The Lady with the Lamp
Florence Nightingale was the founder of modern nursing and hospital
The era of modern nursing commences with the work of Florence
Nightingale in the Crimean War (1854-1856). She was born on May 12,
1820. She belonged to a rich, upper class, well connected British family
at the Villa Colombia, near the Porta Romana at Belloguardo in Florence,
Italy, and was named after the city of her birth.
Her parents were William Edward Nightingale, born William Edward
Shore (1794-1874) and Frances (“Fanny”) Nightingale nee Smith
Inspired by what she took as a call from God in February 1837 while
at Embley Park, Florence announced her decision to enter nursing much
against the wishes of her parents. In 1844 despite the intense anger and
distress of her parents, she rebelled against the expected role for a
woman of her status to become a wife and mother.
Nightingale worked hard to educate herself in the art and science of
nursing, in spite of opposition from her family and the restrictive
social code for affluent young English women. Nightingale was a courted
by politician and poet Richard Monckton Milnes, first Baron Houghton,
but she rejected him convinced that marriage would interfere with her
ability to follow her calling to nursing.
She studied nursing in hospitals, visited many countries in Europe to
gain first hand information about nurses training. Prominent among the
institution she visited the Sisters of Charity in Paris and Kaiserswerth
in Germany. Besides, she visited many hospitals, infirmaries and
religious houses. As a result of these studies, Nightingale was fully
convinced of the need for an organised training program for nurses. On
August 22, 1853, Nightingale took the post of Superintendent at the
Institute for the Care of Sick Gentlewomen in Upper Harley Street,
London a position she held until October 1854.
Then Crimean War (1854-1856) broke out in which England was
participating along with France and Turkey against Russia. The news came
that the condition of the sick and suffering soldiers were deplorable
and that many were dying in hospitals for want of proper care.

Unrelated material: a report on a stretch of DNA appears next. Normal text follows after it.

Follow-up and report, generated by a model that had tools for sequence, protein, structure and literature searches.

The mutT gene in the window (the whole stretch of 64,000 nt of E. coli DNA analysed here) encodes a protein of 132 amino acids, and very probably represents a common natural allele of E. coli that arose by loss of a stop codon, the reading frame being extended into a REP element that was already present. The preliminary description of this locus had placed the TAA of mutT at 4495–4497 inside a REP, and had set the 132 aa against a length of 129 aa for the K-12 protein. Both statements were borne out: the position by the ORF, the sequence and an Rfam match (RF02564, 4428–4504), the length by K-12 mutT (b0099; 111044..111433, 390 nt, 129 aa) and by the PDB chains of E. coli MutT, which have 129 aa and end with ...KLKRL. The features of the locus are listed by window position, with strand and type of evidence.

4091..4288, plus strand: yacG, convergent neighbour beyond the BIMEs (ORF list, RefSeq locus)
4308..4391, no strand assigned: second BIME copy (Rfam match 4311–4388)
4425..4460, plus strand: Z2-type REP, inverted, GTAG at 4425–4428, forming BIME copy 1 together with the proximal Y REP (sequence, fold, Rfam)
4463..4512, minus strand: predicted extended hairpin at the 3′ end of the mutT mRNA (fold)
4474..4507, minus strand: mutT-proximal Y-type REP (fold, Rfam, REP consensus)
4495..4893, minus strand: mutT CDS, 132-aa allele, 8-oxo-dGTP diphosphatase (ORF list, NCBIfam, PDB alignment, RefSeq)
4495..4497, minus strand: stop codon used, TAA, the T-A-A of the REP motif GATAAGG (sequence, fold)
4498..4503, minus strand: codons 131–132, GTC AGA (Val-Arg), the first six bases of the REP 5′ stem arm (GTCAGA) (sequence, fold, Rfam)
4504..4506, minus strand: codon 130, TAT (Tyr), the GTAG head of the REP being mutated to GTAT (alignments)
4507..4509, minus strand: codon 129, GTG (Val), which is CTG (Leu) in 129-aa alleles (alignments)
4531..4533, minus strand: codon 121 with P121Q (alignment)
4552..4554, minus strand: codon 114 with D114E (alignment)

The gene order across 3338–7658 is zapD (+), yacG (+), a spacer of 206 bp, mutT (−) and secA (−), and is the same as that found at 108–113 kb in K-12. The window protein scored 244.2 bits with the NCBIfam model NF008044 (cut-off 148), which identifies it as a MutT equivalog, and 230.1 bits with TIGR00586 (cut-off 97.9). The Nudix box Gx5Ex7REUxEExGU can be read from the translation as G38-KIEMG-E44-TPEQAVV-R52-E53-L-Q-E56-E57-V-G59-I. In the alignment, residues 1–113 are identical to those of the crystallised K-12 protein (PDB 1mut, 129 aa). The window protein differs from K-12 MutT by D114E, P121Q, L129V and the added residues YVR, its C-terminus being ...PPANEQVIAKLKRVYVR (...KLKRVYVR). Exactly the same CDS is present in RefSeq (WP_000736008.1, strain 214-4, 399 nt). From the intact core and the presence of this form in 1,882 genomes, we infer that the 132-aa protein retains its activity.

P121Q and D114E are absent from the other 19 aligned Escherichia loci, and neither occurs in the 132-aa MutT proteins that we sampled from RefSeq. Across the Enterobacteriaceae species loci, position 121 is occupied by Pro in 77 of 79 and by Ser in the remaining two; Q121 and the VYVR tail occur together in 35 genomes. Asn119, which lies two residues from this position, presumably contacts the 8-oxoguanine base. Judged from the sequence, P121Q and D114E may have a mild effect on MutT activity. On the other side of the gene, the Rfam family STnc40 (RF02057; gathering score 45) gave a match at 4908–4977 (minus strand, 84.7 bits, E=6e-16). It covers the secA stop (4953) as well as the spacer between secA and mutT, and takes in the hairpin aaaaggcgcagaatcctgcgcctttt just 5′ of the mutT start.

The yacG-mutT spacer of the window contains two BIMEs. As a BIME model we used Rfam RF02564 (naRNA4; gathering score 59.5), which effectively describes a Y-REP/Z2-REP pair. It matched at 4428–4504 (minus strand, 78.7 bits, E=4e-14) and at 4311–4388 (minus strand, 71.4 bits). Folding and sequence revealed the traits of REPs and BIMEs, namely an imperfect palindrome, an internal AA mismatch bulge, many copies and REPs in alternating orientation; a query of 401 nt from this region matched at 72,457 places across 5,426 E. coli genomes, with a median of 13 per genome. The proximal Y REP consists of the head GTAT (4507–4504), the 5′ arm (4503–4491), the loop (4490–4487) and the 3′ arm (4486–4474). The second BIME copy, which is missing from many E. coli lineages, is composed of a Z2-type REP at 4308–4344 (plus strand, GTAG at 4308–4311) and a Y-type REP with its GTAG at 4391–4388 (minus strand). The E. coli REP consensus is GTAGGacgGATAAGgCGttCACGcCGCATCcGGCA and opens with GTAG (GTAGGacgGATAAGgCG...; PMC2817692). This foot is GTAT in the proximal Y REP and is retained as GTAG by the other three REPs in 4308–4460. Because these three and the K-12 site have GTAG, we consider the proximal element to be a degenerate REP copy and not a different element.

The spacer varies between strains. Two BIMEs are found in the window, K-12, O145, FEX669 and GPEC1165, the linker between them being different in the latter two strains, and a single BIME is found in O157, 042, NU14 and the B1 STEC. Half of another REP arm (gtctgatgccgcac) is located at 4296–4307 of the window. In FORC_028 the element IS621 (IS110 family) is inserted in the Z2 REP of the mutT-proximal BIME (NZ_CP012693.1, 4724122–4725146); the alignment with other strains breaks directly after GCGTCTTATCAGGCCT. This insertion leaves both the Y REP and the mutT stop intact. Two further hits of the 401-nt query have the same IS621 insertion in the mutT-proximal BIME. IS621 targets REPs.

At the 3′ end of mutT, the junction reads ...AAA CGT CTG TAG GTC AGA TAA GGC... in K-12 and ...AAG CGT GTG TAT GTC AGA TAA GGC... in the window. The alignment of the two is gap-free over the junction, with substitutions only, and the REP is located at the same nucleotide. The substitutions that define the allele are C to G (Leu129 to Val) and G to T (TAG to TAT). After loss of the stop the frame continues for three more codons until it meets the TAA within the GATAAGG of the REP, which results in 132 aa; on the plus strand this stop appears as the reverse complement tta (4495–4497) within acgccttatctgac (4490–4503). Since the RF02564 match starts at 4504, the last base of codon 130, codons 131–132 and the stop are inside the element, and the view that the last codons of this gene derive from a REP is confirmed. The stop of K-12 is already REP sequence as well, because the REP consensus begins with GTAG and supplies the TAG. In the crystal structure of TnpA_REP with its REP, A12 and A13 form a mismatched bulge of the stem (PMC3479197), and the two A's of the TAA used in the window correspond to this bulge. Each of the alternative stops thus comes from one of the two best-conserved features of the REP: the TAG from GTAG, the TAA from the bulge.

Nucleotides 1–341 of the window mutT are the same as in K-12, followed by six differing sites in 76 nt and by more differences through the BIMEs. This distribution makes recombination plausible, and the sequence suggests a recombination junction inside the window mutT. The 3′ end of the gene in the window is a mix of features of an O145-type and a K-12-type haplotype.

Florence Nightingale's contribution came during the Crimean War,
which became her central focus when report got back to Britain about the
horrific conditions for the wounded. Newspaper reports of unsatisfactory
conditions at the military hospital had aroused the public, and
secretary of war responded by appointing a team of nureses to address
The Secretary was a friend of Nightingale and knew her leadership
skills. Florence Nightingale who was 34-year-old at that time offered
her services to the British Government which were readily accepted.
Florence Nightingale first gained fame by leading a team of 38 nurses to
staff an overseas hospital of the British Army during the Crimean War.
She together with the 38 nurses set off for Constantinople. They arrived
at Scutari on November 4, 1854 just after the battle of Baladawa and
went straight to the Barvack Hospital there. Her team found the poor
care for wounded soldiers indeed deplorable with crowded hospitals,
filthy wards and unattended patients. Patients were covered with rags
soiled with dried blood and excreta.
The water supply was contaminated and the food inedible. Sewerage
discharged on to floors of wards and dead animal rotted in the
courtyards. According to Nightingale, the hospital case fatality rate
during the first months after her arrival was 42 percent.
Although Nightingale did not accept the concept of bacterial
infection, she deplored crowding and unsatisfactory conditions. She took
up her duties at once and brought cleanliness and order in the hospital